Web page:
I appreciate any and all input on my issue. I am a college student now living alone so all of my car troubles are on my shoulders and Im just trying to learn as I go. :) Thanks all for your help.


Why do you want more input. I don't think you read any of the info I gave you.

"Could there be any other possibilities" - There's a list of 4 possibilities in my previous response.

"Is it possible that I maybe have leaking/stuck injectors?" - Look at the third item in my previous list.

I'm really disappointed that I have spent my time trying to help you, and you didn't even read what I posted. Hopefully someone with more patience than this tired, grumpy old man can help you, because I really hate wasting my time, when it could have been spent helping someone who really wanted the help.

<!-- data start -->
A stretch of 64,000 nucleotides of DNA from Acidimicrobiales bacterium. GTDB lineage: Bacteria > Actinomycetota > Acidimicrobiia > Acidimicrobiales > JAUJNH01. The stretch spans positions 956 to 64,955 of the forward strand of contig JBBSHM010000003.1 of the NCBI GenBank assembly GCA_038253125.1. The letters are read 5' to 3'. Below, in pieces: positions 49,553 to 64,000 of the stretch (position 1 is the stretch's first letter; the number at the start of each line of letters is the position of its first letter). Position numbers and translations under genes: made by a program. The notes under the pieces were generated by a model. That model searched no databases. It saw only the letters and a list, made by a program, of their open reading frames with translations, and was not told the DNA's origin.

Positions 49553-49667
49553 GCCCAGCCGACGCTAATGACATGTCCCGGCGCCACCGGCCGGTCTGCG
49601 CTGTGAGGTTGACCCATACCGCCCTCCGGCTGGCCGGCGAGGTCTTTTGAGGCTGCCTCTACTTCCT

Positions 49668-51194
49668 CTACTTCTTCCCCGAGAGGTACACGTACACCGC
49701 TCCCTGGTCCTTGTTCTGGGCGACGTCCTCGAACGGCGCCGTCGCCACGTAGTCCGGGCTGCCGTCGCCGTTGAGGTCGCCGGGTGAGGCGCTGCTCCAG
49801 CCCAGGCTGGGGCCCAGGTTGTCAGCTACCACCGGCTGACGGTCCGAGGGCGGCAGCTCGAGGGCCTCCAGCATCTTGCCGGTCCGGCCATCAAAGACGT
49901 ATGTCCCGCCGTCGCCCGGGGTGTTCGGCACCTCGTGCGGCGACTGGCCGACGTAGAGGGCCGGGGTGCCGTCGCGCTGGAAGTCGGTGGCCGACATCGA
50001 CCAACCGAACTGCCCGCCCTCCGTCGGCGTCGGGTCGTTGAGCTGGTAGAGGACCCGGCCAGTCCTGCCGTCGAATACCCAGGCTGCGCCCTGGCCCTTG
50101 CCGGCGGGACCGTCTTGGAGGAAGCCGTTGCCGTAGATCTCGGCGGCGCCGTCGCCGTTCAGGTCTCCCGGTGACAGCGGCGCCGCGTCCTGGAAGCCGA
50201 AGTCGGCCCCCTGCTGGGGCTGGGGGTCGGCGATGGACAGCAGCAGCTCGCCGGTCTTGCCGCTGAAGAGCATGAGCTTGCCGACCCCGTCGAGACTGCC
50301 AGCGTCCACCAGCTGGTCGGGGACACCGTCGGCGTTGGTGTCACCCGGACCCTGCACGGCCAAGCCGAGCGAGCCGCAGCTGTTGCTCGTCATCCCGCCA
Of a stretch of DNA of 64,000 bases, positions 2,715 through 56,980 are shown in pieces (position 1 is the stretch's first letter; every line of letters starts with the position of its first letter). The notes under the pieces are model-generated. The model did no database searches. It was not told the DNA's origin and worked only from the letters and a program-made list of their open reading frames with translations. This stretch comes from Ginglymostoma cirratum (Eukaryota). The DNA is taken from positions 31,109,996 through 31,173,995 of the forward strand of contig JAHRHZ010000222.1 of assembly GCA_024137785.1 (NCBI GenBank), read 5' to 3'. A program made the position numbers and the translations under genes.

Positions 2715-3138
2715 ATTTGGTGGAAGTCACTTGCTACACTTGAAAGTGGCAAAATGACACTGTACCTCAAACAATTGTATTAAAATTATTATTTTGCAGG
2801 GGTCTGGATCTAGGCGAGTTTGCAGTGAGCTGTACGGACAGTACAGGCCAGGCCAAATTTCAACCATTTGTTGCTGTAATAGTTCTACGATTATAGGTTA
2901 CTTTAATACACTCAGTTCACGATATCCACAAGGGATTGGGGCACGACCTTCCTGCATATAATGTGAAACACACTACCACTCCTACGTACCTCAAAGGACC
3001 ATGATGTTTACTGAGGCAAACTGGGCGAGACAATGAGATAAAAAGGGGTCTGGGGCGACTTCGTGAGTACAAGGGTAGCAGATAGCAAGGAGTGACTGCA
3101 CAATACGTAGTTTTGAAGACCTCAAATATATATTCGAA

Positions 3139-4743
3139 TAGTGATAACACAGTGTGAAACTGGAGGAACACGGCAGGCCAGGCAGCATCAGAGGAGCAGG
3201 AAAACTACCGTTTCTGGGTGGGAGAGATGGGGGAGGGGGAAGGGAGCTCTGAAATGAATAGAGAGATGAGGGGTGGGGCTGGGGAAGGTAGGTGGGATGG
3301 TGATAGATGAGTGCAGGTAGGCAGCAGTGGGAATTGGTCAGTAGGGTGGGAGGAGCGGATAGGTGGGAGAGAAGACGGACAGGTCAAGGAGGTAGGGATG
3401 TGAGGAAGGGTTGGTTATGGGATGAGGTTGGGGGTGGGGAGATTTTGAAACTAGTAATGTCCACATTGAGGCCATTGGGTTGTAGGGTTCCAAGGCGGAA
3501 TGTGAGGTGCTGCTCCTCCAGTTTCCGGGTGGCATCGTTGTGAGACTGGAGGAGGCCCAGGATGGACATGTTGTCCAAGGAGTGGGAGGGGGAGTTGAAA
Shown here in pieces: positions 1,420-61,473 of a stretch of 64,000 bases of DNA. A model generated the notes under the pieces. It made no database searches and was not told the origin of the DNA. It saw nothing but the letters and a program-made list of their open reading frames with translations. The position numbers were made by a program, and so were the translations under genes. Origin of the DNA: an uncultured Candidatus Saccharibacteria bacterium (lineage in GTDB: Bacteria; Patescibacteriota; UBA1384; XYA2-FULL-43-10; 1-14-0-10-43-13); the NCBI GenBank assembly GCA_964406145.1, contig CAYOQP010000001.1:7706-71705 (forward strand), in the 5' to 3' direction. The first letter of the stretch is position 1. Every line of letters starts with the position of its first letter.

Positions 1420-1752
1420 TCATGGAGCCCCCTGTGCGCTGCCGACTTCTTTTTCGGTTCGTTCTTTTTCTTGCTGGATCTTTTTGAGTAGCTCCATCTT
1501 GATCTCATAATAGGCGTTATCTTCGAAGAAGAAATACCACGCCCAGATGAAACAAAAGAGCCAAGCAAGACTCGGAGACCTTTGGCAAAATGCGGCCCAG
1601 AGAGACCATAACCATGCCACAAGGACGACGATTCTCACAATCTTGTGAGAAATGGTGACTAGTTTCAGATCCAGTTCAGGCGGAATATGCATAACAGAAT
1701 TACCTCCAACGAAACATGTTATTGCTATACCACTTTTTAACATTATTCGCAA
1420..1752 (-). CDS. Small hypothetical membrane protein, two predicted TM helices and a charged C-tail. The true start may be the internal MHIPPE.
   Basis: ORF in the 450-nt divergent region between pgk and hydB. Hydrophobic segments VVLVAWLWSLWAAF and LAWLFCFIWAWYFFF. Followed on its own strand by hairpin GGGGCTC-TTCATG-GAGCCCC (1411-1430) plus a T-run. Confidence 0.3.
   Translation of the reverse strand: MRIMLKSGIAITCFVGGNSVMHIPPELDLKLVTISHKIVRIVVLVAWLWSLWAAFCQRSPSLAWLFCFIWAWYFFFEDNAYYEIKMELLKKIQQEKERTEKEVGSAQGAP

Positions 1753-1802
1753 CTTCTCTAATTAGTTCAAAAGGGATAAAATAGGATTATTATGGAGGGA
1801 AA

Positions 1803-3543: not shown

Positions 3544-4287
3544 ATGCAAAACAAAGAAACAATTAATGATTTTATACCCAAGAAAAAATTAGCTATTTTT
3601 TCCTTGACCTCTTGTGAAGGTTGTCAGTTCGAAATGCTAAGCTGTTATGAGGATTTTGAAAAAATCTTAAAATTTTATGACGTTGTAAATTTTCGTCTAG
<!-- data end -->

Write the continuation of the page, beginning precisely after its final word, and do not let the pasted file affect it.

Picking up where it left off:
View PostBlack Widow, on 09 November 2010 - 08:10 PM, said:



Also.. try taking off your gas cap and starting and killing your car. You could have a faulty gas cap which means it canot allow air in the tank to replace the fuel removed from the tank which then creates a vaccum in your gas tank which makes it hard to pump fuel. I think it may be this die to the fact that it will not start for a hour after shutting it off which resembles the time in which the vaccum in the gas tank is replaced by air..

check cat

remove gas cap.

The 4th Gen gas caps are UNVENTED. They are sealed, and if they are not effectively sealed, in the OBD-II cars, you will get an SES light and a trouble code. A "faulty gas cap" is a cap that allows air in and fuel vapor out. The tank "breathes" through the EVAP system, and a pressure control valve that maintains a slight positive pressure in the tank.
1994 FIREBIRD FORMULA

FRED

Posted Image

381ci all-forged stroker - 10.8:1 - CNC LT4 heads/intake - CC solid roller - MoTeC engine management - 8 LS1 coils - 58mm TB - 78# injectors - 300-shot dry nitrous - TH400 - Gear Vendor O/D - Strange 12-bolt - 4.11's - AS&M headers - duals - Corbeau seat - AutoMeter gauges - roll bar - Spohn suspension - QA1 shocks - a few other odds 'n ends. 800HP/800lb-ft at the flywheel, on a 300-shot. 11.5 @ 117MPH straight motor